It would be great to have an experiment that nobody on Earth could understand. Now there are certainly things which we don’t fully understand:
- We don’t understand how rain drops form in a cloud (link).
- We don’t understand how life came to be.
- We don’t understand what ‘dark matter’ is.
- We don’t know how high-temperature superconductors work.
But I don’t count any of these in the same category of mysterious as the prospect of super-luminal neutrinos.
- I don’t doubt for a moment that we will eventually understand how rain drops form in a cloud.
- I don’t know whether we will ever understand this, but I have no problem with the idea that ‘something happened’ – its just I have no idea what that something is!
- I don’t trust any cosmological deductions from astronomical data – it’s all so far away and we know so little about what is going on. I have no trouble being amazed but I feel sure that discoveries over further decades will resolve matters.
- We only fail to understand the details of how high-temperature superconductors work: the general phenomenon is fairly well understood
But an experiment that we can do in a lab on Earth, and yet which unequivocally disobeys accepted laws? That would be amazing. And 100 years ago that was exactly the case. Although the nascent science we now call Physics was triumphant, with successful theories of light and the structure of matter, there were several experiments that were utterly inexplicable.
- Most notable was the phenomenon of radioactivity: certain minerals just spontaneously got hot! This contravened the idea of conservation of energy and the laws of thermodynamics. And nobody knew what was happening. It took decades before our understanding of atoms enlarged sufficiently that radioactivity ‘made sense’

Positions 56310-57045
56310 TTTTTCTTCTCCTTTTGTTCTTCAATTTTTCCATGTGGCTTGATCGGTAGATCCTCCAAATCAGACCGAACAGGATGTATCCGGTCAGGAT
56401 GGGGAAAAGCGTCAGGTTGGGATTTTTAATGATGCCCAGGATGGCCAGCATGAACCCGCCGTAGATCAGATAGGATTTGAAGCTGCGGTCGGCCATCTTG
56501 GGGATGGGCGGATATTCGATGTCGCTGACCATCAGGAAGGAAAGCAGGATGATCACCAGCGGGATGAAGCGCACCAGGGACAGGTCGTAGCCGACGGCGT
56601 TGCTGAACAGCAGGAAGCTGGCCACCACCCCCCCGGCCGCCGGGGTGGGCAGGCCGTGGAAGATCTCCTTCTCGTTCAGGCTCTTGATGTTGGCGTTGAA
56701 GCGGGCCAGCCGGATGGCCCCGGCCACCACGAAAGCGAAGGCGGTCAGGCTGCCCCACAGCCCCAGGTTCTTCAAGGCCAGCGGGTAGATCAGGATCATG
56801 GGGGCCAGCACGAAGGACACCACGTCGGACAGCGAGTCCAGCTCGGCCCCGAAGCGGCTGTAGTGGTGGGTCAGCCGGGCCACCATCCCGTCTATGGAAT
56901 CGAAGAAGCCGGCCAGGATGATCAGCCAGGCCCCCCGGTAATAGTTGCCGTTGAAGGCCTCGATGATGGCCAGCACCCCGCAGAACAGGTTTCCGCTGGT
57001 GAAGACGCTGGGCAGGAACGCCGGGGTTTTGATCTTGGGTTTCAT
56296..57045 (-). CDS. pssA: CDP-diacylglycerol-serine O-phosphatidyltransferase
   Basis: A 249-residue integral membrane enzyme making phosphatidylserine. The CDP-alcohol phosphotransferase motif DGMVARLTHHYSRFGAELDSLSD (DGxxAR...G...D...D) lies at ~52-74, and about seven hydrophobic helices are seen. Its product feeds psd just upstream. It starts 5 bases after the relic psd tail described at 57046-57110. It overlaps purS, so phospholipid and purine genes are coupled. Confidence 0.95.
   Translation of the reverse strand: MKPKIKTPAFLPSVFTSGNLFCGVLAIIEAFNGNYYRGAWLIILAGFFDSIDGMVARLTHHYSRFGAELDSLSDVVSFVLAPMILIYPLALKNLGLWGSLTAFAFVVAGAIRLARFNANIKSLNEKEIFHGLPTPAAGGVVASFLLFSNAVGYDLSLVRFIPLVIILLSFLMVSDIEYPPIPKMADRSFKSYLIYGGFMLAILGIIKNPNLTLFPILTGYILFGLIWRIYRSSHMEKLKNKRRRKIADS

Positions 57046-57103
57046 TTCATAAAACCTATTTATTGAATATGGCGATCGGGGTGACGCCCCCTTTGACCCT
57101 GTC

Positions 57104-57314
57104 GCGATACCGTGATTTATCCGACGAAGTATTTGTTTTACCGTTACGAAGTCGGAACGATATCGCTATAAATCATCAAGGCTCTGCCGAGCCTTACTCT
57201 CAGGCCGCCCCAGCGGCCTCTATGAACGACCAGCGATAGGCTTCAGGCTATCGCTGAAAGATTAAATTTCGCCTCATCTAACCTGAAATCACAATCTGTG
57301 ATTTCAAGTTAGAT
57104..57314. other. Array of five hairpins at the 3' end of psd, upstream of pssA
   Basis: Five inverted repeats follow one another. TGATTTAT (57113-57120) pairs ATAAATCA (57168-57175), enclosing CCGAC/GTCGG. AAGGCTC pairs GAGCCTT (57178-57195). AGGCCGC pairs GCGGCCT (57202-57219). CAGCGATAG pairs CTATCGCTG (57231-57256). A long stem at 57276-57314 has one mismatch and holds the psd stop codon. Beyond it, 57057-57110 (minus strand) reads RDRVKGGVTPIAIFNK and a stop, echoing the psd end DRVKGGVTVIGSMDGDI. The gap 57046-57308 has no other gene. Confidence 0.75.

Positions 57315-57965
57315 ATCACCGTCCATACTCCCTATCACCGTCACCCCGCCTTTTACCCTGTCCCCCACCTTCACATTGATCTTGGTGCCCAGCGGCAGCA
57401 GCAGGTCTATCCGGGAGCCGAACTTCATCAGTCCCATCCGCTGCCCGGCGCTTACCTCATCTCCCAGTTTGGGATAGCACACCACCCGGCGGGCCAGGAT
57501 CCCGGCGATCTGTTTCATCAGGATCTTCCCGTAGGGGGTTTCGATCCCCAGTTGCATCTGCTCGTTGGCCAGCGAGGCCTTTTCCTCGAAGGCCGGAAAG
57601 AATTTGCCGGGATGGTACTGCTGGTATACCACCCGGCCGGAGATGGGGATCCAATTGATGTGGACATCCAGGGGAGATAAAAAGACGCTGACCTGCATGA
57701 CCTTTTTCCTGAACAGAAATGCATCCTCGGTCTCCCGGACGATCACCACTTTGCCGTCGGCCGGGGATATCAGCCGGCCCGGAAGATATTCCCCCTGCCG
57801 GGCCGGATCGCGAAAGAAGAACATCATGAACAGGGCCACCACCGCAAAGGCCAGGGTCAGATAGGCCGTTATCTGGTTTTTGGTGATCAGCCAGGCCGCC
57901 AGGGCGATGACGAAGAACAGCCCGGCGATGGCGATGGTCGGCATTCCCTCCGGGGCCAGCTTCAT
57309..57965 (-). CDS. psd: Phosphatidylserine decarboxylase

In 1901 Lord Kelvin drew attention to ‘two small clouds’ on the otheriwse clear horizon of 19th Century physics: the difficulty in understanding the Michelson-Morely experiment and inability to understand the heat capacity of gases. As it turned out, these ‘clouds’ heralded intellectual ‘storms’ which changed our view of the world profoundly.
- The heat capacity of a gas is a measure of how much energy it takes to increase the temperature of a fixed amount of gas by one degree. How dull a measurement is that! The theories of physics said the answer should be the same for all gases – but in fact the answer differed for different gases – and changed with temperature. This simple fact could not be explained until the theory of Quantum Mechanics was developed – and this radically changed our view of all microscopic processes.
- The Michelson-Morely experiment measured differences in the speed of light in two perpendicular directions at the same time. The world was astounded to find out that the speed of light was the same in every direction – no matter how fast the Earth was moving around the sun or through the cosmos. When Einstein explained this, he changed our concept of the ‘relativity’ of motion, and out of his explanation arose the idea that particles or matter could not exceed the speed of light. Einstein’s arguments were completely general and for the last century they have been observed to be correct time and time again. So it would be more than a surprise if it should transpire that neutrinos could move even a tiny bit faster than light. I will write more about this on another evening.
Having an experiment that we could do on Earth which nobody could understand would be amazing. If the superluminal speed of neutrinos were confirmed then physicists would be stumped – and the lesson of history seems to be that when we have something that we just don’t understand, then we can expect that this will lead to new ways of seeing the world.
I would love to be alive when such a phenomenon was discovered.